People who suffer from headaches, fatigue, and sore or clicking jaw muscles often have temporomandibular joint disorder (TMJ disorder). These disc-shaped joints are located slightly in front of your ears and act as a hinge for your upper and lower jaws.
Sometimes these joints become overly fatigued, thus causing TMJ symptoms. People with severe TMJ disorder can also develop carpal tunnel syndrome, sleep apnea, and back pain.
While avoiding certain foods - like gum and beef jerky - and avoiding jaw-clenching stress can certainly help, TMJ disorder can be a complex issue. If you aren't finding relief from your TMJ disorder, you might want to consider one of these culprits.
A malocclusion is a catch-all term for irregular alignments of the upper and lower teeth, like over- and under-bites.
When teeth do not come together as they should, this places unnecessary stress on certain areas in your mouth. For example, if you have an overbite, your front teeth may not touch, so you would have lots of pressure on your back molars.
Extraction can correct some malocclusions, like overcrowding, which may relieve your TMJ symptoms.
Orthodontic work can also correct malocclusions and TMJ symptoms. The downside is that you may temporarily exacerbate your symptoms while undergoing treatment. To avoid this problem, it's best to share your concerns with a dentist.
Your dentist may recommend removable options, like Invisalign, since these trays protect your teeth from bruxism and won't exacerbate your symptoms.
Plastic retainers - which are similar in appearance to Invisalign trays - can then be used for your orthodontic aftercare, since they can prevent you from grinding your teeth at night.
If your bite cannot be corrected solely by orthodontic means, it may be worth it to look into orthognathic surgery. Structural issues with the joints can get worse over time, so the investment may be worth it.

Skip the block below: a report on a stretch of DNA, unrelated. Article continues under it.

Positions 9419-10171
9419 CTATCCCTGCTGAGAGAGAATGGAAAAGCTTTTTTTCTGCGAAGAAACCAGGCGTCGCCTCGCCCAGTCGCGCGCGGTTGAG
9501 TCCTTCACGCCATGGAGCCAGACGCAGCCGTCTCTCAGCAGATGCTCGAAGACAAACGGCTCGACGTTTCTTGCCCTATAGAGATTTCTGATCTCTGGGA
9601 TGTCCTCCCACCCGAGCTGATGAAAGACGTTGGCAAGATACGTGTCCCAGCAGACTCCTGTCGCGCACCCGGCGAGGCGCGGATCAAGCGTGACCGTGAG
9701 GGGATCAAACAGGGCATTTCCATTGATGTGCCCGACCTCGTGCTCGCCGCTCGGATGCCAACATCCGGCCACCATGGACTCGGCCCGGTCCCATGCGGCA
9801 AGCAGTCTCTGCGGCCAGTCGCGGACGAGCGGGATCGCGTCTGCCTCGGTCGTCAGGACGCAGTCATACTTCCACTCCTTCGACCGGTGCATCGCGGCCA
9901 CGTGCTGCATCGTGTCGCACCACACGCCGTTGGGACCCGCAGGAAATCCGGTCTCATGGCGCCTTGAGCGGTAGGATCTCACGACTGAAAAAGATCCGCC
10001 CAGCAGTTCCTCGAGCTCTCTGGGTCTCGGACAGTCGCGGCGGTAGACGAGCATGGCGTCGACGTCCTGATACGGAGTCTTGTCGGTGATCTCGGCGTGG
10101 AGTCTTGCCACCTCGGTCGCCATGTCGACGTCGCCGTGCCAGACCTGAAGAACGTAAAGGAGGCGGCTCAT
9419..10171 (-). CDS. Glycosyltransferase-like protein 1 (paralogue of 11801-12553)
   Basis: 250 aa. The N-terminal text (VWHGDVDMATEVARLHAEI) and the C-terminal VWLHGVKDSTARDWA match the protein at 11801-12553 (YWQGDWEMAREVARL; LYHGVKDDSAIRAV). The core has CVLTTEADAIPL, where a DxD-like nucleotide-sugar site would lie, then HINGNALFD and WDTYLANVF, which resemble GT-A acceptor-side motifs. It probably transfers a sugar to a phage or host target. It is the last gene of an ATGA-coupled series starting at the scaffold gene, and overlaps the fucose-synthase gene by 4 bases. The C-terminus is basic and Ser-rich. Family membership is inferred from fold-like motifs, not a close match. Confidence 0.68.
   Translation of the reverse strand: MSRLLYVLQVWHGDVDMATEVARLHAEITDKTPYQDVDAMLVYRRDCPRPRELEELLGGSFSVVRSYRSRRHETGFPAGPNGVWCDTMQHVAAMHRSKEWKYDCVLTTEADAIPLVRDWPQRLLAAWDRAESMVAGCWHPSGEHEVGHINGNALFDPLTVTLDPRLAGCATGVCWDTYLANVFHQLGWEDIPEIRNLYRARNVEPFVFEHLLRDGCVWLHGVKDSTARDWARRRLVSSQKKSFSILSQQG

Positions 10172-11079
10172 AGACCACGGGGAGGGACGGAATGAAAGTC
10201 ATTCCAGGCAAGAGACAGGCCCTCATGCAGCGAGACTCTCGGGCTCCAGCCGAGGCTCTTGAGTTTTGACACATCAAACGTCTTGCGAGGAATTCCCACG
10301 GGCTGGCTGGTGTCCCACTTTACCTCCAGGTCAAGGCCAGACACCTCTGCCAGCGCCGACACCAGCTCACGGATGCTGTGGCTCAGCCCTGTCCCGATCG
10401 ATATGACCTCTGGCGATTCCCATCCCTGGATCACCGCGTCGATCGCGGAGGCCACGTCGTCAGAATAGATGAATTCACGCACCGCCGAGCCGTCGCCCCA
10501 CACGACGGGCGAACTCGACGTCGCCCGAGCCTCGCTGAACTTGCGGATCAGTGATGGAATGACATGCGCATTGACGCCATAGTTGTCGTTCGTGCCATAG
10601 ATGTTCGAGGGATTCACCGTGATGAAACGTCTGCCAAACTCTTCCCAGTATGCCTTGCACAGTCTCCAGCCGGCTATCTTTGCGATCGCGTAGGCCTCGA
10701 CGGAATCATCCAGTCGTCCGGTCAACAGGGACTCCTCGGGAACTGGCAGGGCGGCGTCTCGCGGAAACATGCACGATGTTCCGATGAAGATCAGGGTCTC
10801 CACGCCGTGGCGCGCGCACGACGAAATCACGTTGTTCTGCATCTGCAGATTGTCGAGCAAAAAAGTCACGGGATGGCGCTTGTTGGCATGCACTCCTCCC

Allergies can cause people to develop a TMJ disorder. Continuous sneezing can cause the joint to weaken or even dislocate.
Sinus congestion may cause swelling and mouth breathing. This swelling can extend to your ear canal, which then places pressure on the temporomandibular joint. If you are unable to breathe through your nose, your jaw muscles can become sore from an open mouth.
It's best to visit an allergy specialist to get a grasp on your situation. You may be allergic to more substances than you think. A specialist can give you a comprehensive view of many allergens with both a scratch test and a blood test.
You already know that stress can affect TMJ symptoms, but do you know why? When a person experiences prolonged stress, he or she may have heightened levels of cortisol. In a healthy person, this hormone regulates the immune response and metabolism.
In a person who is chronically stressed, cortisol can cause an unhealthy inflammatory response. Increased inflammation has been linked to a variety of ailments, including TMJ disorder. If your cortisol levels are high, you may feel joint pain and reduced range of motion with your jaw.
You may want to see a therapist to help you work through stressful issues. You should also ask your dentist about a night guard. People who are chronically stressed tend to grind their teeth at night. A mouth guard can protect your enamel from microfractures and alleviate your symptoms.
Besides cortisol, imbalances in estrogen and testosterone have also been linked to TMJ symptoms. Women are especially susceptible to this issue since hormone replacement therapy, oral contraceptives, and pregnancy all alter hormone levels. Visit your doctor to get your hormones tested. Exercising and eating the proper foods could balance your hormones naturally and relieve your TMJ disorder.
Contact Dr. Devins for more information on resolving your TMJ symptoms.